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 WED 29 NOV 2017






Hysteria, threats, over DPRK test will achieve only more tests. Blind Freddie could tell us that.


The DPRK test this morning was both a surprise and not a surprise.


It was widely expected that the 'pause' in DPRK testing might last at least until Feb, if only because winter is coming up there, and doing tests in the severe weather is obviously less easy. On the other had, the DPRK may wish to test its ability to launch under all conditions. Even the US however, postpones tests at VAB if weather is not favourable. These considerations may however mean that this is the last test the DPRK manages..until next feb or thereabouts.


If there are more tests in the immediate future they will have to be in the next couple of weeks.


In the wider picture however, even if the timing of this one (and its nature - there had been talk of an 'end to end' test, remember?) - took us by surprise it is no surprise that the DPRK HAS tested once more, and clearly they are going to keep on testing.


The range of the missile now seems to be around 13,000Km. This is not too different from the Chinese DF5, or the US Minuteman-III. However we don't yet know the weight of the warhead /mock warhead it carried. A heavy warhead would significantly cut that range.


We also don't know for sure if the DPRK has managed to perfect re-entry technology, sufficient to protect the warhead (full of fancy electronics, exotic materials and high explosive), from the heat of high-speed re-entry through the atmosphere. It would be dangerous to be over-confident however, that they have NOT been able to do that. They may not have – we really do not know for sure.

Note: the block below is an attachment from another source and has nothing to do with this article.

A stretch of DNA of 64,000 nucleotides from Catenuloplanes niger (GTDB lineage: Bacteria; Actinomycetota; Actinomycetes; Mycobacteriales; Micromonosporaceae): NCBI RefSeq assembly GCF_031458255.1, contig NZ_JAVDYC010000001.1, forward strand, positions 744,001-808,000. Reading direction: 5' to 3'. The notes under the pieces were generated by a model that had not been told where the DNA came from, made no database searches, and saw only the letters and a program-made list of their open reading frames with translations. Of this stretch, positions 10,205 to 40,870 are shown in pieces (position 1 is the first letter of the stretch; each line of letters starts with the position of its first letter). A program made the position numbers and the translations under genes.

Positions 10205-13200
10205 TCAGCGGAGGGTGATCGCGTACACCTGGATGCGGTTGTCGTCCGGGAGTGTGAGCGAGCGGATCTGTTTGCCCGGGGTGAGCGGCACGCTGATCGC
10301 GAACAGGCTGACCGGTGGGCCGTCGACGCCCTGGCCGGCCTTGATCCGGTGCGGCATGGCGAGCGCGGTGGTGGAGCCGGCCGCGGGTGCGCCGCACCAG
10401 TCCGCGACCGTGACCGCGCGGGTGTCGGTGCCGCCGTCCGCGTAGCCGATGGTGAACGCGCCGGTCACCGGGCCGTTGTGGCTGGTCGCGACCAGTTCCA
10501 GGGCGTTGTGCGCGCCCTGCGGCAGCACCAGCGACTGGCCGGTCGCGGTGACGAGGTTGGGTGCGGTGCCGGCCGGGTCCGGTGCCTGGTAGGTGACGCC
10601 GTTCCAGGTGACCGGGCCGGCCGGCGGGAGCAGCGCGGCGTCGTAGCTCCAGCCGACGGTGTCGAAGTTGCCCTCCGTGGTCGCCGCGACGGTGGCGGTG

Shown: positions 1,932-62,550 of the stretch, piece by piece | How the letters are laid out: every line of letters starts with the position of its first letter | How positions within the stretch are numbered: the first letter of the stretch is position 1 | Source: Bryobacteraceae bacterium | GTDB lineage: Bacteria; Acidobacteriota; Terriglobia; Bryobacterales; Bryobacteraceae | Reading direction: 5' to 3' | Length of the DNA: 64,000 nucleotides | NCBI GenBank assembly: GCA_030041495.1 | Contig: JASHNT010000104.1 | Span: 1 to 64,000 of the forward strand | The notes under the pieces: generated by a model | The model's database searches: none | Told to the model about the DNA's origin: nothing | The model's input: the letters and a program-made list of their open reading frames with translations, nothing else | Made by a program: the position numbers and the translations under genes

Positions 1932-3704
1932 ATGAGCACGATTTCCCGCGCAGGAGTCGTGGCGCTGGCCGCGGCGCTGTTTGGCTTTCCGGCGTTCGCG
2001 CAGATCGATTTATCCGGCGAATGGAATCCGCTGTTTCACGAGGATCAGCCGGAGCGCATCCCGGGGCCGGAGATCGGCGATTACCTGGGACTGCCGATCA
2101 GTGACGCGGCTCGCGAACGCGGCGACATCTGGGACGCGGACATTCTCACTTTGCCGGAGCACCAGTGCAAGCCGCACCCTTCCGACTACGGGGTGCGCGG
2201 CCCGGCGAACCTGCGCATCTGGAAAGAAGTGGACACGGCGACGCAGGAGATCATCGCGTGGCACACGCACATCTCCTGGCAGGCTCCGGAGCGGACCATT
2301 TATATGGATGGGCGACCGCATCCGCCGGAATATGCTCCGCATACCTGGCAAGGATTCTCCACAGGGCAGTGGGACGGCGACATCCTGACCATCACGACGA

The DPRK definitely sees as most likely that it 'hits the button' first, in a situation in which it is already convinced that the US is about to do a pre-emptive strike against it. (i.e. a 'pre-pre-emptive strike'). This is because it must have concerns over the survivability of what is still the worlds smallest nuclear arsenal. If it takes that first strike option, it must, to have even a slight chance of survival, try to take US command and control out of action. Its most logical targets are therefore US command and control nodes.


For the same reasons it would also be rational for it to do an EMP (Electromagnetic Pulse) strike out in space, which could cripple the entire US economy and cause the global financial system literally to disappear. It is all very well for the US to threaten to make rubble bounce in Pyongyang if the DPRK strikes, but if the US command and control system doesn't work after that, this threat may be unachievable. Of course the same applies ten times over to China and Russia whose capabilities are far more formidable than those of the DPRK will ever be. US nuclear command and control may well be much more vulnerable than that of Russia and China whose systems are EMP - hardened. US nuclear command and control now goes thru commercial carriers which are as far as we know NOT EMP – hardened.